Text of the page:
Aaron Paul Lazar writes to soothe his soul. An award-winning, bestselling Kindle author of three addictive mystery series, thrillers, love stories, and writing guides, Aaron enjoys the Genesee Valley countryside in upstate New York, where his characters embrace life, play with their dogs and grandkids, grow sumptuous gardens, and chase bad guys. Visit his website at http://www.lazarbooks.com and watch for his upcoming releases, THE SEACROFT: a love story and DEVIL’S CREEK.

 

Aaron Paul Lazar, copyright 2015

 

 

 

Views: 36

Tags: advice, editing, exclamation, novels, points, writing

Comment by Micki Peluso on February 12, 2015 at 1:55pm

Great post. I had to wean myself off exclamation points too and it was a painful withdrawal. I never used them in narratives but did in other stories. I think the clipped jargon we've grown to using in cyberchats and texting makes things so much more difficult. I'm a humorist and suddenly I feel compelled to write 'lol' after something funny, when for 30 years of writing the humor spoke for itself. The other no-no that has gone the way of the dinosaur is the semi-colon and colon only for lists of things. Hard habits to break. Thanks for a great blog on this subject.

Comment

You need to be a member of Indie Writers Support to add comments!

Join Indie Writers Support

Badge

Loading…

Call us Toll-Free at (888) 852-4901.


Listed below are the many things that you can do with the Indie Writers Support network



OnlyWire - Publish everywhere


Forum

Free e-book promo!

Started by Tim Murray in AUTHOR'S BOARD Sep 24. 0 Replies

I just made my E-book, Thumar, Free on Kindle and smashwords. This is a three week promotion to get it in the hands of many more readers, Check it out.Continue

New member and newly published!

Started by Tim Murray in INTRODUCTIONS & WELCOMES. Last reply by Linda Barnett-Johnson Sep 12. 1 Reply

My name is Tim Murray and I recently self-published my first Sci-fi novel, Thumar!I am excited to explore the tools that Indie writers offers. I'm presently mucking my way through self-marketing.You can discover my offering on…Continue

Hidden Ones

Started by Marcia Fine in AUTHOR'S BOARD Sep 12. 0 Replies

Continue

How to be everywhere at once by Marcia Fine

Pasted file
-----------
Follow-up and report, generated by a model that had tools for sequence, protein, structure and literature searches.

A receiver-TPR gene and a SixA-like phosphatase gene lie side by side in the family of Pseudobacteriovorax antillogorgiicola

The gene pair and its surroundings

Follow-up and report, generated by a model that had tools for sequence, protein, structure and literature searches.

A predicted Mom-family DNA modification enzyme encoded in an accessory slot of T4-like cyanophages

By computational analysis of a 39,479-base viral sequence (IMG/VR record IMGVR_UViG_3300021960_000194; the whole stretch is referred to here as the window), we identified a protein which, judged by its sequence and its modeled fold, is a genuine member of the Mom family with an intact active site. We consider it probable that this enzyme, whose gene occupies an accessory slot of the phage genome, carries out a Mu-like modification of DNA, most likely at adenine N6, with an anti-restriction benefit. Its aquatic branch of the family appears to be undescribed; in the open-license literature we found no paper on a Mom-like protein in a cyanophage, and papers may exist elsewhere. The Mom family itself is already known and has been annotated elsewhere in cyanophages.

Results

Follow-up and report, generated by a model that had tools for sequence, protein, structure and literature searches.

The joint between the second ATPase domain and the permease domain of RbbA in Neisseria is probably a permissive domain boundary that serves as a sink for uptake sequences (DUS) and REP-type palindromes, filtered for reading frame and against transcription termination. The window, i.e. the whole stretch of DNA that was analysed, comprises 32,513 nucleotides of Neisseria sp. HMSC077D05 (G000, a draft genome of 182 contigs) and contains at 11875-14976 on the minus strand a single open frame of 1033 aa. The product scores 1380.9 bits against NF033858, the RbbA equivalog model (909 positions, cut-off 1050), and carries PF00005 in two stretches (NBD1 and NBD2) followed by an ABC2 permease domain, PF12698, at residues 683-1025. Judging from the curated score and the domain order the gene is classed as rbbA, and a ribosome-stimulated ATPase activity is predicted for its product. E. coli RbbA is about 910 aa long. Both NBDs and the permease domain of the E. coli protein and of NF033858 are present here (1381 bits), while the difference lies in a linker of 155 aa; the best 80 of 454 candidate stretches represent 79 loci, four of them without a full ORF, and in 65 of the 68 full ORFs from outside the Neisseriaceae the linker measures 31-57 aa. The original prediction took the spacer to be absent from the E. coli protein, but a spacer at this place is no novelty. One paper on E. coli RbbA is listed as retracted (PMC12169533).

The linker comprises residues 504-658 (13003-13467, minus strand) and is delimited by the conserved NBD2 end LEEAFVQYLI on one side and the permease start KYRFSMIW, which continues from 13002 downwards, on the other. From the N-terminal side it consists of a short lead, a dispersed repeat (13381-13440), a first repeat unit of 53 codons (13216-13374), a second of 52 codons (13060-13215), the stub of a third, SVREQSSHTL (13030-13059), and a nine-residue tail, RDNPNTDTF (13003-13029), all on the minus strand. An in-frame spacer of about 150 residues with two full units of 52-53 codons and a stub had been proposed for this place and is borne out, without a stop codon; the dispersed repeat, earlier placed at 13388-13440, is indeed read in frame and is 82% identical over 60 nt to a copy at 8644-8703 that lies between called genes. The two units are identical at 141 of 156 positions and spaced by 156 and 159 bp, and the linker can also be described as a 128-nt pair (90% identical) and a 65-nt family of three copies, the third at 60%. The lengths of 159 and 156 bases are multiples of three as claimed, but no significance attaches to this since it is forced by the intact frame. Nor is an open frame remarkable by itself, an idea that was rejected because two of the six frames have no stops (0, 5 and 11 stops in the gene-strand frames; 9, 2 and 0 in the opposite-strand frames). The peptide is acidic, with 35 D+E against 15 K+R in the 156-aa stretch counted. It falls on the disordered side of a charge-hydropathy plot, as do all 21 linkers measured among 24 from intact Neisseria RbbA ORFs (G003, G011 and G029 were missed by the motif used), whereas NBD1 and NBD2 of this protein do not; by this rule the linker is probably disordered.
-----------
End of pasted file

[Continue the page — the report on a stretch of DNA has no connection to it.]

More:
Started by Marcia Fine in WRITING DISCUSSIONS Sep 12. 0 Replies

Donis Casey blog MARKETING MAGIC: How to Be Everywhere at Once by Marcia FineYou’ve written your book— those pesky typos are at a minimum, your friends think it’s great and the cover is catchy. So how do you get others besides your family to…Continue

A Jewish Exploration of Mexico City

Started by Marcia Fine in WRITING DISCUSSIONS Sep 12. 0 Replies

A Jewish Exploration of Mexico City By Marcia Fine Special to the Phoenix Jewish NewsMy research for historical accuracy in my novels has led me around the world, including Israel, France, Poland, Spain and the Czech Republic. After the success of…Continue

Introduction

Started by Linda Barnett-Johnson in INTRODUCTIONS & WELCOMES Sep 12. 0 Replies

I'm Linda Barnett-Johnson, Virtual Assistant for Authors. I will post for my authors, their books and anything else that will help them. I look forward to getting to know you all. I live in beautiful Montana. We have a vegetable garden, adding a new…Continue

Tags: assistant, virtual, introduction

New here

Started by Jennifer Robins in INTRODUCTIONS & WELCOMES Apr 22. 0 Replies

Thanks for inviting me. I have several novels, short stories and novella's. They are all on my website. www.jenniferrobins.com.I will get more involved later.Thank you again,Jennifer RobinsContinue

Tags: mystery., suspense, romance, Paranormal

Ella The Enchanted Princess Who Are You?

Started by Rosaria Calafati in PRIVATE REVIEW TEAM FORUM Apr 14. 0 Replies

Please review for me! This beautiful story is about a bald princess who learns how to believe in herself through her adventures.

Ella The Enchanted Princess Who Are You?

Started by Rosaria Calafati in INTRODUCTIONS & WELCOMES Apr 14. 0 Replies

I am a new author and illustrator. I wrote a beautiful book about a bald princess. This book was written to teach children to believe in themselves. Looking for reviews! Thanks Rosaria

Events

Welcome to indiewritersupport.com. Our mission is to expose talented writers, either self-published or not, to a mass of book readers.

© 2017   Created by Judd Miller.   Powered by

Badges  |  Report an Issue  |  Terms of Service

Live Support


Indie Writers Support